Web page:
Children With Bipolar Disorder: Medical Fact or Dangerous Fad?
Exactly, says Weller. To date, according to her, none of the drugs being used to treat bipolar disorder has been tested and proven superior to a placebo in good clinical trials. "Why would you expose children to medications for which you don't even know the long-term effects on the developing central nervous system?" she asks. Caution should be the operative word.
Yes, say both experts, the bipolar disorder is real. And yes, it's important to catch it early, as delayed diagnosis and treatment can mean a worse long-term outcome. But there is certainly no pediatric bipolar disorder epidemic. "[Bipolar disorder] affects 1% of the adult population, 1% of the adolescent population, and we don't know, but we guess that it's also 1% of the prepubescent population," says Weller. "So it's there, but the chance of an average doctor seeing a lot of cases is very low."
So why the sudden hysteria? Weller tells WebMD that it's a combination of factors. "Twenty years ago when we first described pediatric [bipolar disorder], no one believed that these kids existed. Now any child throwing a severe tantrum is shipped to the doctor to see if they are bipolar. Parents are desperate to get help, and clinicians are willing to do whatever it takes to get these kids to settle down."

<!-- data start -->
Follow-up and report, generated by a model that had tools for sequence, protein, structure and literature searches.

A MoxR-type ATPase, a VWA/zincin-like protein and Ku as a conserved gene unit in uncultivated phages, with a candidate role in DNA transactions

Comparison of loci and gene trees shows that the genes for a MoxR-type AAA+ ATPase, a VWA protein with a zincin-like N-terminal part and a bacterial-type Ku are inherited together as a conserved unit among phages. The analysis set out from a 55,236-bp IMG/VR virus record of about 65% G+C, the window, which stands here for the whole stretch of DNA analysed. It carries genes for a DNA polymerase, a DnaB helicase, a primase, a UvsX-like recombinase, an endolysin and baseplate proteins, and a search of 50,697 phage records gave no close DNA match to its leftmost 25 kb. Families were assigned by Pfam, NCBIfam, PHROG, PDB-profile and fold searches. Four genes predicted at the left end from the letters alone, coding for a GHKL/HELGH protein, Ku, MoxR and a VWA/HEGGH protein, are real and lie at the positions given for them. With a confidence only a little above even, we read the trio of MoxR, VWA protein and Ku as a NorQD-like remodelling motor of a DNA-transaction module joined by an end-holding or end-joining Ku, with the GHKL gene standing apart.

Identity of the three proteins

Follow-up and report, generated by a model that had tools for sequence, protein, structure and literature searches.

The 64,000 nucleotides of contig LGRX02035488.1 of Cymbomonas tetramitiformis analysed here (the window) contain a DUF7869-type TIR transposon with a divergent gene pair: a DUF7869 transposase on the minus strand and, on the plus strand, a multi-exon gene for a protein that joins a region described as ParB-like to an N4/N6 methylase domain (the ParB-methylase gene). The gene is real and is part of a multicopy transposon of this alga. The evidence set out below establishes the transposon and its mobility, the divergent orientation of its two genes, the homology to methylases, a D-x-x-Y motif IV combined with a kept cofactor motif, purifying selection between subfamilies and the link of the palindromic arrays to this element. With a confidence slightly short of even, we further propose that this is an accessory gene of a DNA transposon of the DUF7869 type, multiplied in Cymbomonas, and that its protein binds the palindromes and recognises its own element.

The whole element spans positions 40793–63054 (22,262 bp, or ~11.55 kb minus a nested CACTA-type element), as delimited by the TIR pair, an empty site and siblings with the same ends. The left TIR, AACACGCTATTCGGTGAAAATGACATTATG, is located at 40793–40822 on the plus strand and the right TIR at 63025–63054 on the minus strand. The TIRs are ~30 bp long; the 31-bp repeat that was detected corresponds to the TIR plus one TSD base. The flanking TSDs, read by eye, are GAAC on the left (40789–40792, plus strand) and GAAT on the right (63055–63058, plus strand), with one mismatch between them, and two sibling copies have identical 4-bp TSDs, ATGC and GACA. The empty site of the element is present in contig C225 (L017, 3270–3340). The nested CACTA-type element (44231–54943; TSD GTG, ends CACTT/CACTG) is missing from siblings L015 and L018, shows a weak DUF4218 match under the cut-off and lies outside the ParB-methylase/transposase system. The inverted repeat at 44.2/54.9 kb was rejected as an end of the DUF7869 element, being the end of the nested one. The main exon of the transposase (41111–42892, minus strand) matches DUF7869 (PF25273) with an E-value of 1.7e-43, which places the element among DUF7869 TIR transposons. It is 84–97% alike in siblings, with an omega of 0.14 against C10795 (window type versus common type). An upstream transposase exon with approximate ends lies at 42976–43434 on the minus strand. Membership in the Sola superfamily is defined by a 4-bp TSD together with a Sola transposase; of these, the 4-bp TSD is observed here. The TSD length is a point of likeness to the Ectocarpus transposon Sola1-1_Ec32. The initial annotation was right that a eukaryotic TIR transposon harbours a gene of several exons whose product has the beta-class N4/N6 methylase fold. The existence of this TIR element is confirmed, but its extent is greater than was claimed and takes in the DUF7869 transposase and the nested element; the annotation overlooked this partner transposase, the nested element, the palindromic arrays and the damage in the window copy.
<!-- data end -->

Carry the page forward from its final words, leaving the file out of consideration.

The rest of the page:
And the current system isn't helping, she says. "With managed care, doctors can't possibly take the time they need to get to the bottom of a child's behavioral problems, and you can't make the proper diagnosis in the allotted one or two hours." Furthermore, some doctors may be stepping outside the bounds of their expertise. "There are really very few experts in this field," Weller says. While "follow-up can be done by a less-experienced doctor," a pediatric bipolar diagnosis should always be made by a specialist.
"My recommendation is that we be very careful," says Rosenfeld. "There are young kids that carry a biological vulnerability for bipolar disorder, and hopefully in the future we'll be better able to distinguish them. What we need right now is public calm, so we don't overdiagnose this and put kids on medications that are really contrary to their best interests."